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Link Worthy // six

[A compilation of interesting and useful links.]

// Patagonia might want to consider a new marketing campaign (and hire Kathleen Founds). Patagonia for the practical-minded.

// From Austin Kleon: Why you need an editor. And a bliss station.

// How to become a ‘superager’—you know, how to age gracefully. It’s all about strenuous exercise and mental activity. The kind that makes you not want to do it, but you do it anyway.

// Happiness is fleeting. Pursue meaning instead. Timeless advice.

// I am partial to the Oxford comma. Punctuations matters.

// The most beautiful library in every state. Road trip!

// From Bernadette Jiwa, how to communicate value beyond describing features and benefits, and what are you in a hurry to do?

// Also, I felt like Bernadette validated my tagline, Say It Like You Mean It, when she wrote this.

// This is art. A piece on the unfolding of a fiction writing. (What writers really do when they write.)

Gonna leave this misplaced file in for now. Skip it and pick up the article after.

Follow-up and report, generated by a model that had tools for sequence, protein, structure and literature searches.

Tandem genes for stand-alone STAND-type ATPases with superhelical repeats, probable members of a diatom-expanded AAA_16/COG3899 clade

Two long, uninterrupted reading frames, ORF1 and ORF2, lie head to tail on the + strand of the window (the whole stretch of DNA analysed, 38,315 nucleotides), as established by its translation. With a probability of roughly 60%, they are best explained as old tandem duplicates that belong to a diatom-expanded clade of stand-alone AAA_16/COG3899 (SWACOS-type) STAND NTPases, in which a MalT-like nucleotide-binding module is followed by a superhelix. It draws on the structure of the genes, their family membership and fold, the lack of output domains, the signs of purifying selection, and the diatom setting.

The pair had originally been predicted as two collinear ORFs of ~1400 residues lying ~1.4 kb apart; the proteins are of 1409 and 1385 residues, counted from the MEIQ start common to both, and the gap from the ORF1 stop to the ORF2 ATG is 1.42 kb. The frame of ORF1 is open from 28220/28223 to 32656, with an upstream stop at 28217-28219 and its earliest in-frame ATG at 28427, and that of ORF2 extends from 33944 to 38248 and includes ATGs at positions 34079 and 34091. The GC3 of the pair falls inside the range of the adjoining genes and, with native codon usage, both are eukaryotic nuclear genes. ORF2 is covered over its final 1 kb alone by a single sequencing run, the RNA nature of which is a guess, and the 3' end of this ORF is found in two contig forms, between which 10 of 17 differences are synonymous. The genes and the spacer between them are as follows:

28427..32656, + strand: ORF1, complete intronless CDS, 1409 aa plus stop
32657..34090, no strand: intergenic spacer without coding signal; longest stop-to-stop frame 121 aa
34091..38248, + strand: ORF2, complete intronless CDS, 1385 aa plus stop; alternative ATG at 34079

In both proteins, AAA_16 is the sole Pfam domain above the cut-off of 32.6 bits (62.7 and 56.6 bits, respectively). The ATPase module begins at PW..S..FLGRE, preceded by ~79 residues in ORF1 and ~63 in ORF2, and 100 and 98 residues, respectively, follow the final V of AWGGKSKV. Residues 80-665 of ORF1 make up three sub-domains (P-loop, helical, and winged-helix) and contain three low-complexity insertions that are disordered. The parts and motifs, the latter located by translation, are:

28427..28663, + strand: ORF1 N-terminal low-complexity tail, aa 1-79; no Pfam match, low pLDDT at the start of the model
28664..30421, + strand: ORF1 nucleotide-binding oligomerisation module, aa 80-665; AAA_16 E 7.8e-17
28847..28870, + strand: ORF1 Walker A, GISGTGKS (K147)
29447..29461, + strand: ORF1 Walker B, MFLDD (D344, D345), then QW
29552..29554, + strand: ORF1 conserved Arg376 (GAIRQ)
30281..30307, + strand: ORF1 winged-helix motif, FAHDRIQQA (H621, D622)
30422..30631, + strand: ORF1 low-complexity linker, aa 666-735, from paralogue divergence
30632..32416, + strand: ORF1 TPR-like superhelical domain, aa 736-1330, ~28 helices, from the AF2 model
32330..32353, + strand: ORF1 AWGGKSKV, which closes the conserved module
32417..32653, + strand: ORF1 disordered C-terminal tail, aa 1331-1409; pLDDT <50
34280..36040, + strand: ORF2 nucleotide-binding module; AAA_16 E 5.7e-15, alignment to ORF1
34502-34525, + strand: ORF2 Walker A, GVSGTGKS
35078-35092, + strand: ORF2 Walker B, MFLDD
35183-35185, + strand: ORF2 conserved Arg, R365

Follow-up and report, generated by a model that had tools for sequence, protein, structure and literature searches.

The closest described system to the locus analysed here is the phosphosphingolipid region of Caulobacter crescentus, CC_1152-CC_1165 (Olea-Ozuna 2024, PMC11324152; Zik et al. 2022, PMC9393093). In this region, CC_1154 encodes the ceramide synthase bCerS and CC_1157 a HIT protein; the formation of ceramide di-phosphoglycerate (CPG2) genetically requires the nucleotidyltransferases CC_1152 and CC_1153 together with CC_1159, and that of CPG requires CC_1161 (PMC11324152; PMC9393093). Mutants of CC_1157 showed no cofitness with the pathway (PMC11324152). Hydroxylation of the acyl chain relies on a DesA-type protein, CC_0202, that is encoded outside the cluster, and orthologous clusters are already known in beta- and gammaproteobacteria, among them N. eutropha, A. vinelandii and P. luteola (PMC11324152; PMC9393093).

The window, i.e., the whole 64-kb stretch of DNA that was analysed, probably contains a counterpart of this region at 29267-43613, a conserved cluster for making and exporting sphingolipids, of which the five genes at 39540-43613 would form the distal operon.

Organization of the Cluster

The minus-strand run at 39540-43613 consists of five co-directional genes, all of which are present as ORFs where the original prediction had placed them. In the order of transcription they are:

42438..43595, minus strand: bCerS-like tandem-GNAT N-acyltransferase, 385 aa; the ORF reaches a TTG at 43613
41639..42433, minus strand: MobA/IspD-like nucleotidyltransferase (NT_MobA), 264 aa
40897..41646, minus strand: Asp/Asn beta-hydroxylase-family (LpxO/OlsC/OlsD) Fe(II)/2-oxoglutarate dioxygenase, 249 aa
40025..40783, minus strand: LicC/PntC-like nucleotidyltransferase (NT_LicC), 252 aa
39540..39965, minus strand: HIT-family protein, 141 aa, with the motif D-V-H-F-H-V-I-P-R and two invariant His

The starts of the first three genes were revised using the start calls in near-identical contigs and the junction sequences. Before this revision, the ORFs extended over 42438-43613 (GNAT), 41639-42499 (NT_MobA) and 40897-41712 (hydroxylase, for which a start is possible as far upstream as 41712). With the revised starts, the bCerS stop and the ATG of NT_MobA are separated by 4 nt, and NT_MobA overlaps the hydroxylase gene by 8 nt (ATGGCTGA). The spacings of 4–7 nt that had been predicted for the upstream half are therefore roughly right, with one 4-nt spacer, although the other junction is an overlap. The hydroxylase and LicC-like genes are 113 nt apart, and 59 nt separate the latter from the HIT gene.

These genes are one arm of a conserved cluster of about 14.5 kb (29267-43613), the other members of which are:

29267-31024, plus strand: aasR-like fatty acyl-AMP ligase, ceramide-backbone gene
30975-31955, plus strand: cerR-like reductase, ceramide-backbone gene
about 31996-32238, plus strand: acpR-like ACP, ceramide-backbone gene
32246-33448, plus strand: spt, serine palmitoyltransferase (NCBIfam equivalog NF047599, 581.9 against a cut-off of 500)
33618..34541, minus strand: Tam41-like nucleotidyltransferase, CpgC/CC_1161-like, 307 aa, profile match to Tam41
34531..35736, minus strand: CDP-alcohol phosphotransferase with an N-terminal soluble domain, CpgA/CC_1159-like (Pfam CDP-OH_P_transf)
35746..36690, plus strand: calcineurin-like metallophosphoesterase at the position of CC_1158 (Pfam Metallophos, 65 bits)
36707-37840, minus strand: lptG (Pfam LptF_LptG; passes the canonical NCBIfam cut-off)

// “‘The hard part of standing on an exponential curve is: When you look backwards, it looks flat, and when you look forward, it looks vertical,’ he told me. ‘And it’s very hard to calibrate how much you are moving because it always looks the same.’”
—Elon Musk to Sam Altman, president of Y Combinator

// Do you have a story to share or want to hear good stories told by others?

// What I learned from 100 days of rejection by Jia Jiang.

// What we look like when faced with a deadline.

// The power of an hourly beep.

// “The purpose of being a serious writer is not to express oneself, and it is not to make something beautiful, though one might do those things anyway. Those things are beside the point. The purpose of being a serious writer is to keep people from despair. If you keep that in mind always, the wish to make something beautiful or smart looks slight and vain in comparison. If people read your work and, as a result, choose life, then you are doing your job.”
—Sarah Manguso (via Austin Kleon)

// A long and extremely satisfying read about how to do nothing.

// You don’t think of new ideas, you find them. Phenomenal.

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